August this year appears to be holding true to its reputation for hot weather. From Alaska
through the Northern Rockies, the seasonal “dog days” of summer usually occur during this
month, so expect the expectable. Assure that your garden and landscape have adequate
water through the hot weather. It’s okay to let your lawn “brown out” this time of year if you’d like to conserve water.
Native fescues that are common in seed mixes are great at going dormant in the heat and
then reviving as the cool temperatures and moisture of autumn arrive. Regardless of whether
you stop watering the lawn or give it deep water 2-3 times a week to encourage deeper roots
instead of daily light soakings, you should be mowing at 2 ½ inches height or more during
the peak of hot weather.
Heavy mulch does wonders for perennial beds, shrubs and trees. Assure everything has a layer of at least 3-6” and you’ll have a lot less watering to worry about as well as a healthier root zone for all your plants. Trees and shrubs should have at least a 3-foot ring of mulch around the base if they are located outside of the landscape beds by themselves. A good rule of thumb is 1 foot of bark ring diameter for every 1 inch of trunk caliper. A 6-inch trunk diameter on a specimen tree should have a 6-foot mulched area around its base; a 10-inch should have a 10-foot ring etc. Mulch has a great benefit of minimizing weed competition too.
From mid-August and all of September is the time to plant “cool season” crops you want to harvest in late fall. Direct seed members of the allium family (Onions, leeks, chives, garlic, and shallots) to grow bulb starts for next spring. Most cabbage relatives can be planted now to take advantage of the cool rainy weather just around the corner. Most vegetable gardens are in full production, so there is plenty of material to add to the compost pile.
Though you’ll start seeing bulbs available in the “big box” stores soon, hold off planting them until the heat dissipates. They’ll do much better if they get started with a little moisture and cooler temperatures than if you plant them now and hope for the best. Wait to divide perennials and planting new shrubs or trees as well. Soon the nurseries will be putting things on sale, so be ready for some great deals on fall plants to install.
TIP OF THE MONTH:
Deadhead flowers on a consistent basis to enjoy the best flowering. Roses are especially
responsive to regular deadheading and fertilizing. They are called the “Queen of the
Flowers” for a reason. With regular attention; pruning, fertilizing, deadheading, fungus
control, irrigation and mulch, they are hard to beat for spectacular color, fragrance, and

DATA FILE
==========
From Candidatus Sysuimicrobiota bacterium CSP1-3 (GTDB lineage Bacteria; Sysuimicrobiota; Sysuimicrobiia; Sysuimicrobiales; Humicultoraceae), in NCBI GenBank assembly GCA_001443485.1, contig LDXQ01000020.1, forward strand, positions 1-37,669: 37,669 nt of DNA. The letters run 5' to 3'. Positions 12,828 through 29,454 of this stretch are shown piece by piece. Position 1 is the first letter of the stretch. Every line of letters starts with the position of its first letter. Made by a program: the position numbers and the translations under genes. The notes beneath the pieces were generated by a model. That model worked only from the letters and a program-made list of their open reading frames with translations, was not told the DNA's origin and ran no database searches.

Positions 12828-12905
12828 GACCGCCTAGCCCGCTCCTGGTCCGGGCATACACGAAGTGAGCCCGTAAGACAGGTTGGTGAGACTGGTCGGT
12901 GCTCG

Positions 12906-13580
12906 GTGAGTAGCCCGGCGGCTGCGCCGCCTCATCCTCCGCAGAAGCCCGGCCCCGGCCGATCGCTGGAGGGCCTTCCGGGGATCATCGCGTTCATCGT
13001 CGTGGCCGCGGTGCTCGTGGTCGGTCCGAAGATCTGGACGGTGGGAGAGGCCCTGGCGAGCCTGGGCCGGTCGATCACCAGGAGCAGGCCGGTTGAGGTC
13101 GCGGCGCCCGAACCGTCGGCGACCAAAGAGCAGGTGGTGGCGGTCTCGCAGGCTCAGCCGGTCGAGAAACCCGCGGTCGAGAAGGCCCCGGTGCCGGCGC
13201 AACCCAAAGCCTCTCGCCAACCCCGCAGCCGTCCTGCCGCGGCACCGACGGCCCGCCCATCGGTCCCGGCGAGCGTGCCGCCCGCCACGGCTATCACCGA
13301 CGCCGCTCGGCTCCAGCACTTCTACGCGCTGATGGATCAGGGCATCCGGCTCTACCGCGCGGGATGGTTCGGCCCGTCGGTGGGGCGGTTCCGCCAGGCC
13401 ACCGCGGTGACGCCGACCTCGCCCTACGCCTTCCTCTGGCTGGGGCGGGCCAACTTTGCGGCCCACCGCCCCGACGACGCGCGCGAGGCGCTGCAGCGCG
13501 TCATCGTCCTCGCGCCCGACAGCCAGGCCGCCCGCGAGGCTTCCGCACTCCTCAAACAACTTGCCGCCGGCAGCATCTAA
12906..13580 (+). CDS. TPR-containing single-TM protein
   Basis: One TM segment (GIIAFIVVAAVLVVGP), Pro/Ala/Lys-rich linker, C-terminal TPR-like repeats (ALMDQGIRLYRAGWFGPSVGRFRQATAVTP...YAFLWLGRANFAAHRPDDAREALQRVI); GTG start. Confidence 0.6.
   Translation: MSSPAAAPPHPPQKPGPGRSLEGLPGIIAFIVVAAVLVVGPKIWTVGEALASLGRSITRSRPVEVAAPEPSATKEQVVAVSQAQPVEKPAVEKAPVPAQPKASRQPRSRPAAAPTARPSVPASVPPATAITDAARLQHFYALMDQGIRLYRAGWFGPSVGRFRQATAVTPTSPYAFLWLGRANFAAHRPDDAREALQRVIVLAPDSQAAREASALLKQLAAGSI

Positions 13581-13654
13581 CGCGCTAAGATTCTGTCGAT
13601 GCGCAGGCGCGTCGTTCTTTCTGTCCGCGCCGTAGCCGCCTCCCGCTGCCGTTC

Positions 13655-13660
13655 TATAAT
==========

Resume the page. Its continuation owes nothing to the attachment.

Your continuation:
aesthetic foliage. Near the end of this month, discontinue fertilizer to assure new growth
has a chance to harden off before freezing temperatures hit. Let the spent flowers form
rose hips as well, to trigger the plants to prepare for winter dormancy as well. Until then,
deadhead to enjoy the largest and most beautiful blooms.
QUESTION FOR THE EXPERT:
Q: I’m very worried about grasshoppers being as bad as they were last year. What I can do to
make sure they don’t plague us like last year?
A: Unfortunately, grasshopper bait is most affective during the 1st through the 3rd instars
(stages of grasshopper development) and that time is past. However, the more adults you
kill, the fewer eggs they can lay for next year and subsequent years. Commercial grade bran
bait is the most recommended variety for large-scale application and it’s quite effective,
however, most homeowners need something more practically sized and priced. There are
grasshopper baits available in local outlets, and they are effective at killing grasshoppers.
This late in the year however, they can often lay their eggs before they die, so another
alternative is neem oil, a naturally derived oil spray from the Neem Tree, native to
Australia. It is an insecticide you can spray nearly any time of the year and any surface
that has the spray is poison to insects though quite innocuous to humans and pets. I actually
enjoy the smell and use it frequently throughout my landscape for fruit tree spray, roses
and any plants that seem to be getting too much insect attention.
Written, edited and distributed by Di Braun for free personal use by those who enjoy gardening and plant culture. Please contact the writer for details on redistribution through commercial entities.